Still Secrets on the Oaxacan Coast

By Leigh Morrow

Sometime last fall the Mexican government declared a small community on the southern Oaxacan coast to be the latest jewel in its tourism tiara. Best known in the history books as a slaughterhouse for turtles, including the famous Oliver Ridley species, Mazunte had already become known in conservation circles for a large turtle sanctuary and museum aimed at preservation of the species, and stopping the illegal turtle egg trade. Yet the Pueblo Magico designation caught many off guard. This kiss of government approval for a tourism mecca was touted as providing a “magical experience” for tourists, by reason of the area’s natural beauty and/or cultural riches. Think Tulum, Palenque, Isla Mujeres.

In Mazunte, I watched as anyone who had a portable grill, an extra bed, or a table to sell from, sprang into action expecting a gold rush of tourism to flood in for the pending Christmas holiday. The christening of a village to Magico status brings with it government money for cosmetic paint and trim – lipstick improvements – and large advertising budgets, so understandably, many locals view the designation as winning the tourism lottery.

The fallout from having the Pueblo Magico wand waved is that this new attention, while great for the local economy, means that anything that was a secret, is no longer.So it’s a bit of a miracle that San Agustinillo, just a five minute walk from the zany late rave crowds and new night clubs of Mazunte, is still relatively unknown.

San Agustinillo

While the large tourist busses barely squeeze through our cobblestones street, they are all focused on getting through San Agustinillo, on the way to Mazunte. The only time they stop is if parking is too horrific elsewhere. San Agustinillo is still very much as it has been for decades. The single road through town curves and turns with color-popping fuschia and cream bougainvillea spilling over iron fences and front gates. Last year the hydro wires were relocated below ground, and the addition of cobblestone roadwork adds to the village charm and now wireless viewpoints.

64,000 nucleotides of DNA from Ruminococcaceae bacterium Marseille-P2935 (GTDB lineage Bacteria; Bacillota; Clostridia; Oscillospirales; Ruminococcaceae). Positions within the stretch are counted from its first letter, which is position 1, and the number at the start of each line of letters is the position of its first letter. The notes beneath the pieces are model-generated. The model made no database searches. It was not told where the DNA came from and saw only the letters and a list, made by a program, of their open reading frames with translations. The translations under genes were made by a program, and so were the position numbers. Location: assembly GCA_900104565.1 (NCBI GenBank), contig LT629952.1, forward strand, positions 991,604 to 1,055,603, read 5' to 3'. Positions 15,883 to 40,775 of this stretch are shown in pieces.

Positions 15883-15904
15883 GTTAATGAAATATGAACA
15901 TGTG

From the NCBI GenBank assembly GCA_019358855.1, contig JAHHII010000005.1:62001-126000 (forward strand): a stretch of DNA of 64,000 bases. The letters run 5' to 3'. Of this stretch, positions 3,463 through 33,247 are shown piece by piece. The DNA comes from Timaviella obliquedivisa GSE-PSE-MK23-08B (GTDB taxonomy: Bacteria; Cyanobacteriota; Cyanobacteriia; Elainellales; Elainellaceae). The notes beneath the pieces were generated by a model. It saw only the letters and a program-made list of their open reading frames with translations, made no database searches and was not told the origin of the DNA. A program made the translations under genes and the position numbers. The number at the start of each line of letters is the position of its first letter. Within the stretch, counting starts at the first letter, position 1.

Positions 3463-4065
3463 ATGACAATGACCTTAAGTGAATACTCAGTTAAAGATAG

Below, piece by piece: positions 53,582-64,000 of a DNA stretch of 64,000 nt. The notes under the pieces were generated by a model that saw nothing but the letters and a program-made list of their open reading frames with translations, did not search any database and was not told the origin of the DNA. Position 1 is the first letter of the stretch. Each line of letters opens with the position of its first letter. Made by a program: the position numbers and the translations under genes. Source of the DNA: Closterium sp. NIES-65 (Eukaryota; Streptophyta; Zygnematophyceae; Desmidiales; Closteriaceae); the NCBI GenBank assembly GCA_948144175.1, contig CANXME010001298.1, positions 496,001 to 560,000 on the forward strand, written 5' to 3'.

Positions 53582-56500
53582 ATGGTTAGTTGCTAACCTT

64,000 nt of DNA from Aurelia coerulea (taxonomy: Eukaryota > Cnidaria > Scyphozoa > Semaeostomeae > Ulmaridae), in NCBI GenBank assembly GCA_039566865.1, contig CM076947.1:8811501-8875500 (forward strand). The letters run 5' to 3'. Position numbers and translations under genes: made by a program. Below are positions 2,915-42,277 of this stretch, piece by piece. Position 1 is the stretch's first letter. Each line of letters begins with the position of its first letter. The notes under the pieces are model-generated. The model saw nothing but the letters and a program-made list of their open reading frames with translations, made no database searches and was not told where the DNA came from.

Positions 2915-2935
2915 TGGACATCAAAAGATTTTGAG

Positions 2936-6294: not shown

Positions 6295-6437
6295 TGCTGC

The beach is often empty in the early morning and after sunset, and the water is always clean and clear, often deliciously warm for long afternoon bobs. The few restaurants close early, but serve thoughtful seasonal dishes with ingredients often trucked in overnight from the agricultural hub of Oaxaca City. The nights are dead quiet and star filled. Set your telescope for nightly celestial events in the inky black skies unfettered by light pollution.

Hike to Punta Cometa

Walk up the hill from San Agustinillo into neighbouring Mazunte and follow the main road to the beach. Just before you see the beach, the road branches to the right. During the rainy season this road is prone to wash outs and despite paving it each year, the water always wins, washing all the hard work away. The road runs by the cemetery with its pots of artificial flowers and crumbling headstones. Keep going and watch for the wooden markers saying simply -Punta Cometa.

This trail offers spectacular vistas of Playa Mermejita and the rolling Pacific Ocean from the unique perspective of a peninsula jutting into the water. Punta Cometa is the most southern peninsula on the Pacific side of the North American continent. Local history tells a story of a treasure hidden by the Aztecs somewhere on Punta Cometa. It is considered by many to be a magical and healing spot. Many searching sacred wisdom visit Punta Cometa on their journey of self-discovery. A gigantic towering cactus was living on the point, but the last hurricane toppled the succulent. New, younger offspring are flourishing and if your visit is in the spring, they will delight you with a bounty of yellow blossoms. Once you have walked the circular route and appreciated the Pacific from the various vantage points, take the trail back and savor sunset from Playa Mermejita, the perfect vantage point to watch the orange fireball sun melt like ice cream into the Pacific.

Whale and Dolphin Salutes

Wake early and catch a ride on one of the four boats Captain Beto Fajardo has waiting on the beach at San Agustinillo. His family was one of the two founding families of San Agustinillo. The powerful motor quickly cuts through the waves and out to the open ocean where you will squeal with delight as humpback whales breach right beside you in perfect synchronicity. Three pods of school-aged dolphins cavort, I reach for my phone but I’m not quick enough to catch the sailfish in flight. We stop and snorkel in a secluded bay where a momma manta ray and her two babies swim by. Yellow parrot fish and tiny iridescent blue ones are spotted feeding on the coral. I bob up, just in time to see a large turtle swim by. The ride culminates in a rapid run for the beach which Beto navigates with precision and years of practice. We land high on the sand as the hull sails over the two logs placed there to help with our assent, and Beto pulls the motor up, just in time.

If you have not visited, do so now, San Agustinillo won’t always feel this authentic, and off the beaten track.

Leigh Morrow is a Vancouver writer. You can rent her home in San Agustinillo.

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